Elementary entries

10th October 1997 at 01:00



By John Alder. DEVELOPING DICTIONARY SKILLS IN SPANISH. By Martine Pillette. Collins Pounds 26.50 each.

The latest Easy Learning Dictionaries series caters for pupils up to GCSE level. The content is modern, including IT words (modem, mouse), music words (ghetto-blaster, rap) and items often missing in previous versions, such as "work experience".

The layout is clear, with each word printed in bold on the left of the column. Gender is indicated by the definite article placed before the noun, rather than by abbreviations after it. Each word is designated clearly by part of speech in capital letters.

Translations are underlined and any extra entries bullet-pointed. Examples of the word's use are given in smaller type below. So a simple word is arranged on one line as: "die Informatik substantiv", with "computer science" below.

The German dictionary uses the spelling reforms, but words that have changed are indicated, and listed alphabetically at the back, where spellings can be compared. Both books also include advice about using dictionaries.

The Dictionary Plus Grammar series follows a more traditional layout and includes more entries. The grammar section is clearly presented and contains some cross-referenced examples. It will have limited examination value unless the candidate is merely checking an already-known fact, but this is probably reasonable.

More interesting features of these dictionaries are the use of key words and notes on culture. Prepositions, key verbs such as "to dohave" and other multi-form words are marked in the text by a "key word" heading. This alerts users to the need to check for specific usage. Doch in German, for example, has four clear entries with examples of its uses, while "at" from English into the other languages has six.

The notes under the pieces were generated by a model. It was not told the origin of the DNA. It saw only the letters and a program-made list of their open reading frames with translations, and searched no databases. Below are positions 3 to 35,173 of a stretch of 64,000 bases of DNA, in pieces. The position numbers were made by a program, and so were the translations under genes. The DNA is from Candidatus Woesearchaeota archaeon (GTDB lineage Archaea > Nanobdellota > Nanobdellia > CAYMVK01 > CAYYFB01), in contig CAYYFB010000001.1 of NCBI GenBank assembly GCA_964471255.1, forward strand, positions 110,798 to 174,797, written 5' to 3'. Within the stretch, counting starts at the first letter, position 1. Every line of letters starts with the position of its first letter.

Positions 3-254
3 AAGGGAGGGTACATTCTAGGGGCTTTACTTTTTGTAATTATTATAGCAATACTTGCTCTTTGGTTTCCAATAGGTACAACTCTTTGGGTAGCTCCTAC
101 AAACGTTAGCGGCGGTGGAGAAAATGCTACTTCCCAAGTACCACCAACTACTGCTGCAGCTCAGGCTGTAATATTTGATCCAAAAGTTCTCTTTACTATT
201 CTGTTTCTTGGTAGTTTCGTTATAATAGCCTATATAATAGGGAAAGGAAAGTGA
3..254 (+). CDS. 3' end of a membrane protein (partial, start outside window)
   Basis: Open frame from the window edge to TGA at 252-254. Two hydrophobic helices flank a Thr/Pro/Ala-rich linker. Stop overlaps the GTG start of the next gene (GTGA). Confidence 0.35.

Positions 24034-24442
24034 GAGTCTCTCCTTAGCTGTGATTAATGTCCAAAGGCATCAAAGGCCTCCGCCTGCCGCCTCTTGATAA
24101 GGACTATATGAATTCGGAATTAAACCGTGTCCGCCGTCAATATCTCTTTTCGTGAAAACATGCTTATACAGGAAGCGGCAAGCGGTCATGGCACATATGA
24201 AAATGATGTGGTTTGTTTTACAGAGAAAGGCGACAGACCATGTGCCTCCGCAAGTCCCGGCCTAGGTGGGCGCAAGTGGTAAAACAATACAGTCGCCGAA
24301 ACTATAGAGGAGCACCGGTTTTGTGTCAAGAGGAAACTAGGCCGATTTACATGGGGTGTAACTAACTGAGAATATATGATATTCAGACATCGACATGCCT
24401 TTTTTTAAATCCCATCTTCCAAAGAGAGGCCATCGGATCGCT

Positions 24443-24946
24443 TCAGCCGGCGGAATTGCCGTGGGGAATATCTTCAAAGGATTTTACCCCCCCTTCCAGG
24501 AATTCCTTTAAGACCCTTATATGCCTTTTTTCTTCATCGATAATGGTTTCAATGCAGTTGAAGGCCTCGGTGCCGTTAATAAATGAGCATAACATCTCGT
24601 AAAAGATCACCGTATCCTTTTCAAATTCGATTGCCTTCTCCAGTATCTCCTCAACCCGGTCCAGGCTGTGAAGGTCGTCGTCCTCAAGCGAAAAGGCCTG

The cultural notes explain, in the relevant language, social and political issues from France, Germany and Spain, while the English to foreign language sections contain entries on such items as the Houses of Parliament, Guy Fawkes and football pools.

The Developing Dictionary Skills packs, also from Collins, can be used by beginners, but are suitable for any age. They attack dictionary use logically, gradually unpicking the way dictionaries are organised. They emphasise ways of avoiding the use of a dictionary, and put a premium on speed. They also allocate several pages to verbs, and focus on alternative meanings.

The German version maintains explanations in English throughout, whereas the Spanish moves entirely into Spanish later in the book. The exam hints section at the back of both books is in English - the German lists hints and rules, the Spanish elucidates both through some gap-filling tasks, which encourage learners to be sure of their practice.

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